In the Pinball Designer Challenge, students build, test and modify a non-electronic pinball machine to create a toy that meets certain specifications. Concepts covered in this unit include gravity, potential and kinetic energy and inclined planes.
The A World In Motion Primary Challenges consist of four different activities. Each of these challenges can be taught over a one to two week period. The challenges give young students many opportunities to explore a toy they have constructed and to develop an understanding of what it means to conduct a fair test.
A unique feature of this program is the use of portions of a problem-solving process employed by engineers working in teams. The "Engineering Design Experience" for Primary students consists of: Set Goals, Build Knowledge, Design, Build and Test and Present.
SAE International offers three levels of kits: Basic, Complete Classroom and Deluxe Classroom for a class size of 28 students.
Lesson Plan Overview
Lesson - 1 Pinball Wizards
Students begin to explore the basic building blocks of a homemade pinball machine: a launch ramp, a pinball, and an inclined playing field. In an unstructured environment, students explore these elements to see what happens when they are combined.
Lesson - 2 Launch Ramps
In this activity, students change variables of the launch ramp to see how they affect the behavior of the ball. They make careful observations about the path the ball travels and try to compare how the ball travels when it is launched from different ramp configurations.
Lesson - 3 Playing Pinball
In this activity, students explore toy pinball games to see how they function. They observe the numbers and types of targets on the playfield and play the games to see how hard it is to hit certain targets.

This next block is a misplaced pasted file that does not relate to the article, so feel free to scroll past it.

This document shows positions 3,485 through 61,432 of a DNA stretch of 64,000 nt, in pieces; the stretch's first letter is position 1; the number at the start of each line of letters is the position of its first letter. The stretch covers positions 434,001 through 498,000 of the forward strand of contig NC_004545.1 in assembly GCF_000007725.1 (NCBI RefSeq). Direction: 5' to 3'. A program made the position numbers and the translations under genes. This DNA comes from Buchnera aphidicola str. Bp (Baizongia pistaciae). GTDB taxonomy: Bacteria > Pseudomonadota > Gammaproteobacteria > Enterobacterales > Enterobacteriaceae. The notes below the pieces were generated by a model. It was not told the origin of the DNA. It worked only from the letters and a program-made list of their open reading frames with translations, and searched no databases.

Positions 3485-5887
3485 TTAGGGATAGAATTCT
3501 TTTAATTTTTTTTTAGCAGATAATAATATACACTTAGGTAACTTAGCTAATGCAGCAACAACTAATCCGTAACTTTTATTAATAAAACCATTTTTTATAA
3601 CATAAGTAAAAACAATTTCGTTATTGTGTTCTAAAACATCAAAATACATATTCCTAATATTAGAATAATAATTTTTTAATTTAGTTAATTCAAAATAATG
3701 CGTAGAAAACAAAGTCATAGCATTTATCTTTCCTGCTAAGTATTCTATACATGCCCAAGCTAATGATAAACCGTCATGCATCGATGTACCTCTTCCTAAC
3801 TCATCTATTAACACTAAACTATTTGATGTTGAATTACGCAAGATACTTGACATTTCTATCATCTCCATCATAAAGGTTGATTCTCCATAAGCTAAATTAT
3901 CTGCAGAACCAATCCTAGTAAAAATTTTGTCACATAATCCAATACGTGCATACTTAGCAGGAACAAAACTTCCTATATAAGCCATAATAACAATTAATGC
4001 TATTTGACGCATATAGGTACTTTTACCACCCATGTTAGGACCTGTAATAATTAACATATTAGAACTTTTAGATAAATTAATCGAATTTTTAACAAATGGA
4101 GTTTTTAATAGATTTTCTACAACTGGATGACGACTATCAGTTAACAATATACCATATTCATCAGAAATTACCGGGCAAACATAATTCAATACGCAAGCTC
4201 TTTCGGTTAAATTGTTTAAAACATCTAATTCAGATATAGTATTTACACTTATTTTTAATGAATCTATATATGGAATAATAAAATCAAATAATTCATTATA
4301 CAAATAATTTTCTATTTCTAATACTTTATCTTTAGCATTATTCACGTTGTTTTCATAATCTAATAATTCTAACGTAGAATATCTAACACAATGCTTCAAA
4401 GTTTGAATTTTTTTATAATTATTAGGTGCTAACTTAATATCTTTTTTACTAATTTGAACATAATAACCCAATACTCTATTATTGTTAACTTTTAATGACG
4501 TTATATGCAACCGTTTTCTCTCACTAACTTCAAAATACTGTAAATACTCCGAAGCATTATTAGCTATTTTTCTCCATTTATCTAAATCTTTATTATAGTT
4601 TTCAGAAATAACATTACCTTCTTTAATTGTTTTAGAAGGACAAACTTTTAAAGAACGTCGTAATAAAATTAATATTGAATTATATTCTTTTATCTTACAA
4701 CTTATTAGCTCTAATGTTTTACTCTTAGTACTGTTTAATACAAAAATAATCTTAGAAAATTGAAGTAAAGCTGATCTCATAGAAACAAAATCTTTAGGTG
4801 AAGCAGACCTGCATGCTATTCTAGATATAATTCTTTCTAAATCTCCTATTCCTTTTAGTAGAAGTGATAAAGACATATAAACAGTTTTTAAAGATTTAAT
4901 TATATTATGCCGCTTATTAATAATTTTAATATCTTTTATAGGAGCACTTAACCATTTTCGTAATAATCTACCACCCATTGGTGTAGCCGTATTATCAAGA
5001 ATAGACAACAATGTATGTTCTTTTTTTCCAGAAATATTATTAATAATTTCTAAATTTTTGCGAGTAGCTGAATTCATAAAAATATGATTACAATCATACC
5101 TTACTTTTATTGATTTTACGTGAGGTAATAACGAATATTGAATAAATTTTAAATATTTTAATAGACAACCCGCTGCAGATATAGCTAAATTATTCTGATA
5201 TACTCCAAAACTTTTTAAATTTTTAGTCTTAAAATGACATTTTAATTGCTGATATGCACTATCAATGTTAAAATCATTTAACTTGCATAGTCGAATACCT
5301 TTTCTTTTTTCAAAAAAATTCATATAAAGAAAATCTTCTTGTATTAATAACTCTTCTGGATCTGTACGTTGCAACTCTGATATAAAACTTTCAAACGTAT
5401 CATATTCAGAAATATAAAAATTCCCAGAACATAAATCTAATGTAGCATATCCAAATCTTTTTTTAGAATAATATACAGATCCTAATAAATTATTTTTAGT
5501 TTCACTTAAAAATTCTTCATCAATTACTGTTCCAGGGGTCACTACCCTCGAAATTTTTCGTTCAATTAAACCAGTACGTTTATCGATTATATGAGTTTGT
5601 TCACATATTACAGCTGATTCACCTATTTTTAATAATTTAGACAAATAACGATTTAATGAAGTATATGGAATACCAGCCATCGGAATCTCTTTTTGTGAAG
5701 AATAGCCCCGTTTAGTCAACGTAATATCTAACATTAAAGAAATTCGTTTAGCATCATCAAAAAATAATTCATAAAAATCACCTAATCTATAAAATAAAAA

Lesson - 4 Walls Get In My Way
Students place a wall on their playfield and note how they need to adapt their launches to avoid the wall. They explore how the wall affects the places that the pinball can travel and determine if there are areas on the playfield that are difficult or impossible to reach.
Lesson - 5 Trying Targets
In this activity, students begin to lay out their own pinball playfields. They try to determine where the targets should be placed on their observations about where the pinball can be easily targeted and where the more difficult areas to hit are. As students conduct their investigations, they refer back to their science notebooks.
Lesson - 6 Scoring Points
In this activity, students continue to lay out their own pinball playfields. They try to determine where additional targets should be placed based on their observations about where the pinball can be easily targeted and where the more difficult areas to hit are. They will assign scores to targets based on how hard or easy they are to hit.
Lesson - 7 Banging Bumpers
In this activity, students add bumpers to their playfields. They consider how adding the bumpers change the way the pinball rolls on the playfield.
Lesson - 8 Build Your Own!
In this activity, students use the knowledge they’ve gained over the course of the challenge to finish designing their pinball game to meet the criteria set out by EarthToy Designs. In teams, students test and optimize their game. They present the games to the rest of the class and discuss why they built them the way they did.
|Launch Ramps and Supports||4|
|1 inch clear acrylic marbles||40|
|Removable adhesive putty (packs)||1|
|Toy Pinball Game||2|
|Post It Notes||4|
|Teacher Manual on CD||1|